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Sask. seniors, families hoping for brighter future with COVID-19 restrictions easing

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WATCH: People with loved ones in long term-care and personal care homes say they are glad to see restrictions easing, however they also fear the long-term effects of isolation on vulnerable family members, – Jun 20, 2021

Seniors in long-term and personal care homes are among the cohort that has been the most isolated during the global pandemic.

It’s a situation that is about to get better now that Step 2 of Saskatchewan’s reopening road map allows residents to have up to four visitors indoors and nine outdoors — a much-needed change, according to loved ones.

“None of her grandkids or great-grandkids have been able to go visit her,” Wendy Fields said.

“So, that’s just great that they can go visit her in her room shortly I guess, they’ve been able to visit her outside,” Fields added.

Read more: COVID-19: Saskatchewan to remove all public health restrictions as of July 11

Field’s 79-year-old mother, Karen Bracken, is in an LTC home in Regina and says when her mother sees family members, her face lights up instantly.

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The increase in visitors is allowed for both vaccinated and unvaccinated residents.

Residents and visitors will still need to take precautionary measures, such as masking and physical distancing.

Although those with loved ones in homes are glad to hear the news, they also say the long-term mental, emotional and even physical impacts of the restrictions will be long-lasting.

“He has Alzheimer’s, so looking through a window, or Facetime-ing with him with an iPad did not work,” Lindsay Vindevoghel explained.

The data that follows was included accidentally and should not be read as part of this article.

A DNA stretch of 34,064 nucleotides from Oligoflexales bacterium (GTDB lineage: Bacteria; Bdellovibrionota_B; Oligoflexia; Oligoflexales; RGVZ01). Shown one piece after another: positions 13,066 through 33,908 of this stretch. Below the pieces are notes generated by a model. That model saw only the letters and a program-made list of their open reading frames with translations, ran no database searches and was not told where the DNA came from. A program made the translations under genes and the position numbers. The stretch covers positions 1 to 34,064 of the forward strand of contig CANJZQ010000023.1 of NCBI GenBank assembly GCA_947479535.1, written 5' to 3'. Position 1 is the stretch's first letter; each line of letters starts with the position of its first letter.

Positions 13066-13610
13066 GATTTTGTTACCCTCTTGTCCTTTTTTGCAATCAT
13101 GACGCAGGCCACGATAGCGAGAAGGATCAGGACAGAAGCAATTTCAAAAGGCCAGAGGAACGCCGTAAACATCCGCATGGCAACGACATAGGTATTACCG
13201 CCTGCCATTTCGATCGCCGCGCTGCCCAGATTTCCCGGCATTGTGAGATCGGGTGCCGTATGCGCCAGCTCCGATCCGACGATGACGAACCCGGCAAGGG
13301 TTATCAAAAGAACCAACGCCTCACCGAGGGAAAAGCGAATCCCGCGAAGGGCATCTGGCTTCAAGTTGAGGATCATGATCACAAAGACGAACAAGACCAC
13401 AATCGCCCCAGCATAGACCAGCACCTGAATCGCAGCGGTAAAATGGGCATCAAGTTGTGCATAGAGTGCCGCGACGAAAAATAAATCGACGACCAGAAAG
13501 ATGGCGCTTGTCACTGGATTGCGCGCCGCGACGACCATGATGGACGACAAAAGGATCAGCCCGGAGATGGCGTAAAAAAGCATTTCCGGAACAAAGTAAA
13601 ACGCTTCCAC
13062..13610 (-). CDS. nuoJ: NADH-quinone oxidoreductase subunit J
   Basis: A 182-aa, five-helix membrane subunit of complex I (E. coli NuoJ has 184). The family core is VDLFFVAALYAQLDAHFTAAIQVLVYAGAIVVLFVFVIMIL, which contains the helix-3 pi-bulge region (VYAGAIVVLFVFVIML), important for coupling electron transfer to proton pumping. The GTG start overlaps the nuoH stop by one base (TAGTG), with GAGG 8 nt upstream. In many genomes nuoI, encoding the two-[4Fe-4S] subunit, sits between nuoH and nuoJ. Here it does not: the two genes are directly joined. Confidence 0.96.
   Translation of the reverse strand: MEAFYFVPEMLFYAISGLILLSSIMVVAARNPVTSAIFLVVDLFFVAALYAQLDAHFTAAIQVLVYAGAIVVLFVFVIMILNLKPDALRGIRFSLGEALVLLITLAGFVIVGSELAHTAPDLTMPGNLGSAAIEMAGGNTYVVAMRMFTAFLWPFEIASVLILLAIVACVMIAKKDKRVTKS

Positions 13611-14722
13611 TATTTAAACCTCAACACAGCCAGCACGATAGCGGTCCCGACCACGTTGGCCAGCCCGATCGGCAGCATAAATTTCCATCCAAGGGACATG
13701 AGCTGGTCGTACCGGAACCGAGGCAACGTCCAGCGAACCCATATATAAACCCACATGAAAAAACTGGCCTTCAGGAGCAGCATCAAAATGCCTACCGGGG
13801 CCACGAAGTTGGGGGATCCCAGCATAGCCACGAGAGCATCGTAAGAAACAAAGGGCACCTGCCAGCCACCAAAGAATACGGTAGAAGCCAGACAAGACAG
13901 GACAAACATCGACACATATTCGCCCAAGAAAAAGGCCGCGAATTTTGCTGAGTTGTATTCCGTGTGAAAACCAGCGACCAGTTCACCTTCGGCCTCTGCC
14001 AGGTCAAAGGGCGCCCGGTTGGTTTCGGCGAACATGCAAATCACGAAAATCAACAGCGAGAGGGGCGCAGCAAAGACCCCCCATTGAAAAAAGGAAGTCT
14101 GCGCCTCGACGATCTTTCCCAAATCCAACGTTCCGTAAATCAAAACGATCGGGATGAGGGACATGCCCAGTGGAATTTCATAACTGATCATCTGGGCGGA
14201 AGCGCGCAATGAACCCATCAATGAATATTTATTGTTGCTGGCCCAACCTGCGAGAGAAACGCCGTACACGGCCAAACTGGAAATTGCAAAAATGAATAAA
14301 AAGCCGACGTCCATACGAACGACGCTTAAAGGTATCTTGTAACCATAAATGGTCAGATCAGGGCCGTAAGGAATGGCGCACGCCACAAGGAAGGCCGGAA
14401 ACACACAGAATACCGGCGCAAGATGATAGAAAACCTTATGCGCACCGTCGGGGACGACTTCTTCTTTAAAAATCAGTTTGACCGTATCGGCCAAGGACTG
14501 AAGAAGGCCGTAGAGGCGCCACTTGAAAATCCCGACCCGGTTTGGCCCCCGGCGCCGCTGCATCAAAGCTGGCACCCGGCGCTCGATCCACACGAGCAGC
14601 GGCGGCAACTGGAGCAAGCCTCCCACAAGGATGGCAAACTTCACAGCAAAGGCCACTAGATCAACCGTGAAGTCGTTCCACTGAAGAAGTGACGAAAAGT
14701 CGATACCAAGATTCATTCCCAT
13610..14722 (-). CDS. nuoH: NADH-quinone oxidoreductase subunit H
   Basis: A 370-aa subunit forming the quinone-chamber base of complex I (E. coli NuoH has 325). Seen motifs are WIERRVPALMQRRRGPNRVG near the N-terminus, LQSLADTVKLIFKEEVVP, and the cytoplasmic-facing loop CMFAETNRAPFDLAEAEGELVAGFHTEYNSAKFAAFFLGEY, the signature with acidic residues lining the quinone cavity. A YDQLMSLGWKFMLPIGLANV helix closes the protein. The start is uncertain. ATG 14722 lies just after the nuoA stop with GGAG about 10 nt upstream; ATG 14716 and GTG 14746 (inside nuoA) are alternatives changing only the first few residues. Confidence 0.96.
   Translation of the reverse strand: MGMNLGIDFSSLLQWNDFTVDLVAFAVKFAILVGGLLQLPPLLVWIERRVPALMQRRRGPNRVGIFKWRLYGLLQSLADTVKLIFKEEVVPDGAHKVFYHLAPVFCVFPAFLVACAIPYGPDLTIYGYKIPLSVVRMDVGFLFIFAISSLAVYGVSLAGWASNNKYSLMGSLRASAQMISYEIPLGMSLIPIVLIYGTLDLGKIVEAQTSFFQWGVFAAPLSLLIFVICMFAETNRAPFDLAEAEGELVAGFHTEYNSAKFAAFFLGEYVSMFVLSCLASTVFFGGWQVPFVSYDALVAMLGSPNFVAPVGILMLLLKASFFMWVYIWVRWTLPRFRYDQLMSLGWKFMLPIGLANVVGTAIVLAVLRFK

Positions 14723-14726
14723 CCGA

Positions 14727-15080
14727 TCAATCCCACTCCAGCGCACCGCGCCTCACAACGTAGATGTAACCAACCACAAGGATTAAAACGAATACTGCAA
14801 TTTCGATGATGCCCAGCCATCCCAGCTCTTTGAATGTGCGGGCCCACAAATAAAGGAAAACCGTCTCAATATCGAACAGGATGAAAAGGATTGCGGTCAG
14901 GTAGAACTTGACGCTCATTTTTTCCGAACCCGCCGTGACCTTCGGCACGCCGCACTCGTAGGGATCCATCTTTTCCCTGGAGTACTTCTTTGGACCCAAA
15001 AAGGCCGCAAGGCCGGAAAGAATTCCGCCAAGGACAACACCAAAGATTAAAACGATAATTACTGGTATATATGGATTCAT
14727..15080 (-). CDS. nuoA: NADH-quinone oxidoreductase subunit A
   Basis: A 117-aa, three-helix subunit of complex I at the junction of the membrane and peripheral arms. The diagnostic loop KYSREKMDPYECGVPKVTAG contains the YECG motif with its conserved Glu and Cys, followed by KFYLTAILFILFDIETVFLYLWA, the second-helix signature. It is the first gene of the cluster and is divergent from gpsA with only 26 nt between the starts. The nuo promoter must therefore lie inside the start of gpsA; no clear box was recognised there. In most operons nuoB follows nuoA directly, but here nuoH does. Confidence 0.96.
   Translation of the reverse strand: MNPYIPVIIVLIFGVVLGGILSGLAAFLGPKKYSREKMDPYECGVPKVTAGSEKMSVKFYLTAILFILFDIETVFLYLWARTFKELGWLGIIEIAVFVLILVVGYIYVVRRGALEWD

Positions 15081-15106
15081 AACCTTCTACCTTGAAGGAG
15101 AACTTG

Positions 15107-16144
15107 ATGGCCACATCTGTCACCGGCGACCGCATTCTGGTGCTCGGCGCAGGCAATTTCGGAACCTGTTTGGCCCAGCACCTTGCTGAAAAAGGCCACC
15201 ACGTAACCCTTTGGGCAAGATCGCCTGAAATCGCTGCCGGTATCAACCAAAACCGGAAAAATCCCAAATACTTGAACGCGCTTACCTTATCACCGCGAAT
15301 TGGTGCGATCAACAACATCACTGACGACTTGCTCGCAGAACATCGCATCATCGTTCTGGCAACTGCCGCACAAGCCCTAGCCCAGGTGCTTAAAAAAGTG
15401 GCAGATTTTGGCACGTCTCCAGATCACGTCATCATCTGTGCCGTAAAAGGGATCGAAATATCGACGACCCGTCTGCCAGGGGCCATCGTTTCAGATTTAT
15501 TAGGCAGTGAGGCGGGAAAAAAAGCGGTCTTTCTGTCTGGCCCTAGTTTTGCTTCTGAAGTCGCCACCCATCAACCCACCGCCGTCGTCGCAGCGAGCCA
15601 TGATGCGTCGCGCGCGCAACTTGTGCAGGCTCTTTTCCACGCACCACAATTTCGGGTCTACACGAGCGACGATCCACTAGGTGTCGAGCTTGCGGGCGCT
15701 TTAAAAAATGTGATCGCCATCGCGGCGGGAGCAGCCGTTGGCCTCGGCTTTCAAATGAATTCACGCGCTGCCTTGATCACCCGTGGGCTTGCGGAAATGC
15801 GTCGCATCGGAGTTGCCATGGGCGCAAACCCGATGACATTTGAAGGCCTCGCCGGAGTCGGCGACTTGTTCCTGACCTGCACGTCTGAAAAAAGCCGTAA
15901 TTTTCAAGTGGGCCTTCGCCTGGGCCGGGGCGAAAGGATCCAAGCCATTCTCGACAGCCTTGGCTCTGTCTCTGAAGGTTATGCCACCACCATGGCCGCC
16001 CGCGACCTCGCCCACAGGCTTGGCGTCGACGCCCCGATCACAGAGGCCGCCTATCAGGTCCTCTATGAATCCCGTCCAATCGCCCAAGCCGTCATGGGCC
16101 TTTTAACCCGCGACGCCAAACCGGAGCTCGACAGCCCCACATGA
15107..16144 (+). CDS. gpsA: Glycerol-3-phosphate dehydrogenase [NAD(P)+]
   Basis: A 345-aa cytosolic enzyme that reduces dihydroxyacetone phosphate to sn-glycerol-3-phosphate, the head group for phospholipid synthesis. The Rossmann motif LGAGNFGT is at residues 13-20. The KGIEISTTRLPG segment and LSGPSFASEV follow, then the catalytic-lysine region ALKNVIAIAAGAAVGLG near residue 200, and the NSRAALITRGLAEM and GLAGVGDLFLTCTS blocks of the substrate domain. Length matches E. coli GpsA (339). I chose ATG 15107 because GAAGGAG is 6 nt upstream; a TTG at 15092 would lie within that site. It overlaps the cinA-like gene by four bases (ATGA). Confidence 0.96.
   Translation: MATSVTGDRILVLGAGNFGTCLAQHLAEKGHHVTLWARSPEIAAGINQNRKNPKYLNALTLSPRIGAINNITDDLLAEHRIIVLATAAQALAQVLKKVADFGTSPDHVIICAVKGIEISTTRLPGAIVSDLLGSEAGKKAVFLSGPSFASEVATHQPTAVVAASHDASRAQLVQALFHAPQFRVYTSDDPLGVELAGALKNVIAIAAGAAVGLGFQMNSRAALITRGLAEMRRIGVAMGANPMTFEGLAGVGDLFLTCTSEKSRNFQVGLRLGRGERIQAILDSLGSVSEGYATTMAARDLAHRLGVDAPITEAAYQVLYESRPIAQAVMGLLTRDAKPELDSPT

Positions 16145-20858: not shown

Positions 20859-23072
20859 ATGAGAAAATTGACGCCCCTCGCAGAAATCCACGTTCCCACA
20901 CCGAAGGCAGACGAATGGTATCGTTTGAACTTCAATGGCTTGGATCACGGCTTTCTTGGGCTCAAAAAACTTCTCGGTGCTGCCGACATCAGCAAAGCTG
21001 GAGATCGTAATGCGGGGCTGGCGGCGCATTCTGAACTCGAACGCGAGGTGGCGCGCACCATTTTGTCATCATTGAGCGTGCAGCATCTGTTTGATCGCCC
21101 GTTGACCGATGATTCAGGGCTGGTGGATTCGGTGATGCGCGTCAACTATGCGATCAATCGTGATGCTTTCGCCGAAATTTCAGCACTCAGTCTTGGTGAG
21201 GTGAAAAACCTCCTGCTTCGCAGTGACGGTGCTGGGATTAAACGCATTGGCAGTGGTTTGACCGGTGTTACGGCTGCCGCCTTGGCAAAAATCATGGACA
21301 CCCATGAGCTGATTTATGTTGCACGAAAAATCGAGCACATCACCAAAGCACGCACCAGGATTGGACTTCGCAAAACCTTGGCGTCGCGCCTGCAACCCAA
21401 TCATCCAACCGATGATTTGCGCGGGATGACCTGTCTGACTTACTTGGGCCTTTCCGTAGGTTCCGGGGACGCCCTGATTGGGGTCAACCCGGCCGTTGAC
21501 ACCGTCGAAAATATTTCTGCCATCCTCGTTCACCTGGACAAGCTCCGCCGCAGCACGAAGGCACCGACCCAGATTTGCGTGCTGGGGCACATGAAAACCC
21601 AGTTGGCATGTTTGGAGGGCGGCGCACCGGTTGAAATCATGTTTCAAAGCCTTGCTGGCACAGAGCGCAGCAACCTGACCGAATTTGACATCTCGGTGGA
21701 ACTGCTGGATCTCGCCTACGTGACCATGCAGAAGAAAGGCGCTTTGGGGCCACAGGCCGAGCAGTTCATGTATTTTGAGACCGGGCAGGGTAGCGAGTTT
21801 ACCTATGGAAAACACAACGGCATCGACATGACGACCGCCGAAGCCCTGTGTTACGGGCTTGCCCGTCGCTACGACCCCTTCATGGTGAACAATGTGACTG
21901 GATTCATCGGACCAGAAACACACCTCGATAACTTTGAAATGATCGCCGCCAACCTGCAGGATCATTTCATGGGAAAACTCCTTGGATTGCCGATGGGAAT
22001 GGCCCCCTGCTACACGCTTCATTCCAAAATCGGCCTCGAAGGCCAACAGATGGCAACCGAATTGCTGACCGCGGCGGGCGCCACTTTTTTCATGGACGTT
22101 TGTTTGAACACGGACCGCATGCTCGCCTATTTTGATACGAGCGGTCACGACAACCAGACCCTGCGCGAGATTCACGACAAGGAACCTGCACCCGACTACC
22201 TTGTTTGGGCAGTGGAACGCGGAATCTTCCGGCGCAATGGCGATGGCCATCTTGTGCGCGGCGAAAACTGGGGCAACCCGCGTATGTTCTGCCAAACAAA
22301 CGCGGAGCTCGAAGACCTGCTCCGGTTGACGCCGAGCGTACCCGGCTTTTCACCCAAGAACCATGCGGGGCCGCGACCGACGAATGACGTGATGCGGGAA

“He can’t talk, he can’t really see, he wasn’t really understanding Facetime and looking at the video,” she added.

Read more: COVID-19: Saskatchewan launches Step 2 reopen plan

Vindevoghel’s 77-year-old dad, C.B. Wilson, also lost his ability to walk over the pandemic since her mom wasn’t allowed to visit in-person to go on walks with him to help him exercise.

Her dad has been in the facility for seven years now — he was a school principal before his health began to deteriorate.

But the family is optimistic they can help him learn to walk again with the help of muscle memory once he moves to a different long-term care home in the city in the near future. The new facility also won’t require the family to book appointments in order to see him.

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Sinai Health’s director of geriatrics in Toronto, Dr. Samir Sinha, says these reopening measures are long overdue.

“Prior to this measure, Saskatchewan had some of the most restrictive measures in the country, where they were only allowing visits to occur, for example, if only 90 per cent of the residents had been vaccinated,” Sinha stated.

Step 3 of the province’s reopening plan will see most of the remaining restrictions lifted.

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